Arnold calls for finding the best amongst oneself and then follow it. This self needs to be one which is the best and not what is upper most in the mind. An individual should not go against this, “best light” and ensure that this light is not darkness. (Arnold : 2000). Pursuit of culture which generates beauty and intelligence or what Arnold has called sweetness and light in individual is its main purpose. (Arnold : 2000)  Action by individuals should be guided by such sweetness and light. There should be no fear that such men cannot bear the trials of a tough life, by avoiding rough action.

By relying on less random action people can confront such acts. Arnold believed that the central theme of British society was assertion of personal liberty. However he was clearly against individualism resulting in anarchy. (Arnold : 2000) Arnolds identified religion as per Christ as a force which was based on individual proclivities acting on himself rather than injunctions from outside. Thus the individual can gain control over himself and thus contribute to society. (Style : 2006).

Arnold spawned the movement of humanism in the United Staes which provided the guiding light of morality from past civilisations for individuals to survive in a world which was turning towards greater individualism and materialism. (New Humanism : 2006). The strength of Arnold’s style lay lies in his use of the satirical and analytic to denote his theories which made them more explicit. (Genre : 2006).

The individual power denoted by Marx is one which has been harnessed for creation, production and destruction. (Marx. Engels: 1986). It is power in the individual for action resulting from his labor, as against intrinsic power developed through intermix with education and culture. Marx wants to harness individual power to change society, to bring class struggle; Arnold wants individual power to raise the resistance of humans to survive in an increasingly materialistic and industrialized World. (Marx. Engels: 1986).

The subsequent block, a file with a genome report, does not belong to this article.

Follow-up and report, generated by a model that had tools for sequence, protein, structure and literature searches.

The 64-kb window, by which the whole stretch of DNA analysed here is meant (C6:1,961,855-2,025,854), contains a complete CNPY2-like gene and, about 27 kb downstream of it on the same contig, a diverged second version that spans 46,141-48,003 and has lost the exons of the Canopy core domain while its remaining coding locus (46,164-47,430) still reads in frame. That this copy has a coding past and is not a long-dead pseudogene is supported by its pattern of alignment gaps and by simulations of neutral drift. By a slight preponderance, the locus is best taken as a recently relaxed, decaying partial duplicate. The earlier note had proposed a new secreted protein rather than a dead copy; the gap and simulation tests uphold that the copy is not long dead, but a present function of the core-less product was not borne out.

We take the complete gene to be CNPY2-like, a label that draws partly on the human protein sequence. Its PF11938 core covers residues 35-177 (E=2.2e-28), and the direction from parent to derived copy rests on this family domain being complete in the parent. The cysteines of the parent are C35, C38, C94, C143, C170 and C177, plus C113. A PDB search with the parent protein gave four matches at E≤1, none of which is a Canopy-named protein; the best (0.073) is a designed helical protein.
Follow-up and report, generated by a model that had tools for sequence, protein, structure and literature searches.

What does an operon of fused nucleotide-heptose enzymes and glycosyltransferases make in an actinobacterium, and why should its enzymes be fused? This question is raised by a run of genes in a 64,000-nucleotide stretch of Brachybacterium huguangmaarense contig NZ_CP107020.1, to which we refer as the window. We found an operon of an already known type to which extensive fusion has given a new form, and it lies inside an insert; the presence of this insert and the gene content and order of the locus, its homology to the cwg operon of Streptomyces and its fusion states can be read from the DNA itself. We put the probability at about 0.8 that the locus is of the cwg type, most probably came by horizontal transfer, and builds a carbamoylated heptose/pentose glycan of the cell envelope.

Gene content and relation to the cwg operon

The strength or power in an individual as per Arnold came from within, while Marx believed that individual power came from the society and the environment surrounding him. The power of individuals as per Marx rests in his ability to produce value through labor, it is to be harnessed collectively, on the other hand, Arnold believes in power of the individual which is derived from his culture and sensitivities and which guides him to do the right things for the overall good of society. (Arnold : 2000). Thus there was a major differentiation between the identification and use of power between Marx and Arnold.


1.       The Dialogue. 2006. The Dialogue Of The Mind With Itself"" (30 May 2006).

2.       Culture and Anarchy. (31 May 2006).

3.       Arnold, Matthew. 2000. Culture and Anarchy : An Essay in Political an Social Criticism (Collected Works of Matthew Arnold). Classic Books.

4.       "Arnold, Matthew. EB 2006. “Encyclopædia Britannica. Encyclopædia Britannica Premium Service.>. (30 May 2006).

5.       New Humanism. (2006). In Encyclopædia Britannica. Encyclopædia Britannica Premium Service: (30 May 2006).

6.       Style. 2006. (31 May 2006).

7. (31 May 2006).

8.       Karl Marx. 2006. Marx. (31 May 2006).

9.       Marx. 2003. (31 May 2006).

10.    Aron, Raymond. 1965. Main Currents in Sociological Thought. Basic Books. New York.

11.    Marx, Karl. 1999. Das Kapital. Gateway. New York.

12.  Marx, Karl. Engels, Friedrich McLellan, David. 1998. The Communist Manifesto. Oxford University Press, New York. New Ed edition.

13.  Marx Engels. 1986.  Collected Works. International Publishers.